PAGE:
Although at all periods of Christianity, it is true that there have been some Christians who were wealthy and famous, the vast majority of Christians have always seemed to be simpler people from the poorer segments of society. Paul noticed this in 1 Corinthians 1:26-28 when he wrote, "For consider your call, brethren; not many of you were wise according to worldly standards, not many were powerful, not many were of noble birth; but God chose what is foolish in the world to shame the wise, God chose what is weak in the world to shame the strong, God chose what is low and despised in the world, even things that are not, to bring to nothing things that are."
It is one of those age-old truths that when a person is not distracted by possessions, it is easier to have faith and look to God. So James is reminding his readers what they already know - those who are poor in the world are often the ones rich in faith. We are a very money-conscious society today. God has blessed this nation with abundance, but we need to be careful that we donít become so distracted by possessions that we lose sight of God.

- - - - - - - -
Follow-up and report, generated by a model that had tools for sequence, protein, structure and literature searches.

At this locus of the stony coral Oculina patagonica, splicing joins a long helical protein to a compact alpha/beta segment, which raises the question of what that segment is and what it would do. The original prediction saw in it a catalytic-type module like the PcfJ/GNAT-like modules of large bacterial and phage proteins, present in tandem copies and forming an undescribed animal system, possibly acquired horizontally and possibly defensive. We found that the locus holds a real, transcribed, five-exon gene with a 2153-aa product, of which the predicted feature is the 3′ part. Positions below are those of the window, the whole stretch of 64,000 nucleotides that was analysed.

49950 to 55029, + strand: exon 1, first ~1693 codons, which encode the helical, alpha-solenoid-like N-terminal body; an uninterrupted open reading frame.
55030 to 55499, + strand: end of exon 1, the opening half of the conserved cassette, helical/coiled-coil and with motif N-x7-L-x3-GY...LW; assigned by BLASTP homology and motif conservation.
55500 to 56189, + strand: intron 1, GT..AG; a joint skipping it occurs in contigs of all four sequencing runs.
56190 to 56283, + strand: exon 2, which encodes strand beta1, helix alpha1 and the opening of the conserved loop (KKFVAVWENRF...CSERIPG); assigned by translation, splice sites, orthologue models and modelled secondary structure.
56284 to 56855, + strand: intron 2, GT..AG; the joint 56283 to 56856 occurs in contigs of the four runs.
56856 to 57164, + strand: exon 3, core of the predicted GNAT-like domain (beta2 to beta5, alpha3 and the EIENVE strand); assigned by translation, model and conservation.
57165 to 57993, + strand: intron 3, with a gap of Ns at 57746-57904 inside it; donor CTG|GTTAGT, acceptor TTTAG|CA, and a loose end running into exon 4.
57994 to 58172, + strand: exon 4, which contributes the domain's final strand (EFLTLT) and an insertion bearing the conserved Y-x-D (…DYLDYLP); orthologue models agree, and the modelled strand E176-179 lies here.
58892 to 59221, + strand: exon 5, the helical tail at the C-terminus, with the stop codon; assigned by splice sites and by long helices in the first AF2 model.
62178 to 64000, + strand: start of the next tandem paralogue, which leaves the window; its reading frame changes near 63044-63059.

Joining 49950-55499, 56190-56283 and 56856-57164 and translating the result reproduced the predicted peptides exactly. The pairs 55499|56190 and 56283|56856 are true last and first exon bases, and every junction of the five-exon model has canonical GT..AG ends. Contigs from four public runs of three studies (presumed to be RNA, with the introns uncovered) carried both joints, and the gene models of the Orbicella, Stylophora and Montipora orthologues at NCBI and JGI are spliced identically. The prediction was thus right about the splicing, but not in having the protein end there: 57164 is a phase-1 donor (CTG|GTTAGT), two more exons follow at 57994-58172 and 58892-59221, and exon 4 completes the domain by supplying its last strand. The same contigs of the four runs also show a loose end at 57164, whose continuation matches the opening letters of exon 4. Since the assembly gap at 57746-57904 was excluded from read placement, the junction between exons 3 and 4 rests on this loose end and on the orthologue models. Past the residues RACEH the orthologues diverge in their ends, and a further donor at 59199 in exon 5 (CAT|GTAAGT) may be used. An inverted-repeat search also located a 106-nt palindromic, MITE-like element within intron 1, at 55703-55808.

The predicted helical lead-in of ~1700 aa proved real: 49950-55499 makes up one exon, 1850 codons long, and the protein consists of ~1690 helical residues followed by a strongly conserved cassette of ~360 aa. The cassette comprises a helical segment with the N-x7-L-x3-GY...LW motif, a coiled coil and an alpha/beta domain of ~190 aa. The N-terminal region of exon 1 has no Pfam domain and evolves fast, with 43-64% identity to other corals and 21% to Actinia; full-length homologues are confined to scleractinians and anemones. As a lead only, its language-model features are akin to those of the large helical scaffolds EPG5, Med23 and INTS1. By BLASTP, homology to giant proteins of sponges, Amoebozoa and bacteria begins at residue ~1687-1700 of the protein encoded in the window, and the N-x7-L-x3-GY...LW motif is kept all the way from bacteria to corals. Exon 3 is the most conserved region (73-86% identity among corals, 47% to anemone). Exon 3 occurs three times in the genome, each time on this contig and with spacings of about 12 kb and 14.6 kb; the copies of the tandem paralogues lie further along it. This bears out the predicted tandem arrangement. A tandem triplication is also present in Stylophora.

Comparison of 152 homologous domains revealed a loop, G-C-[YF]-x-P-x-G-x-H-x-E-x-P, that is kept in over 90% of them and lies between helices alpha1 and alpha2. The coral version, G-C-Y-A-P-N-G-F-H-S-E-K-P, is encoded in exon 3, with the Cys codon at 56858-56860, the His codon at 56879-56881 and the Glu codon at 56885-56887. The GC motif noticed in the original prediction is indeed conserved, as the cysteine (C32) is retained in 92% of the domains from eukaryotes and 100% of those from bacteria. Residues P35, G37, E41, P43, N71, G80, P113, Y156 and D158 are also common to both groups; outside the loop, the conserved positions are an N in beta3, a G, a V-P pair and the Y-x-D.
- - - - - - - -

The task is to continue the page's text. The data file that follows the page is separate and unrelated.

But you have dishonored the poor man. Is it not the rich who oppress you, is it not they who drag you into court? Is it not they who blaspheme that honorable name which was invoked over you?
James seems to have been the first social engineer. He saw examples of injustice and used some extreme examples to make his point. Almost all social and welfare programs began from faith communities. It is only in the past few decades that the government has become involved in these issues. Before then, it was the church that assumed the responsibility for caring for those who were needy or abandoned. Thatís because when we experience Godís love, we gain a divine compassion for others.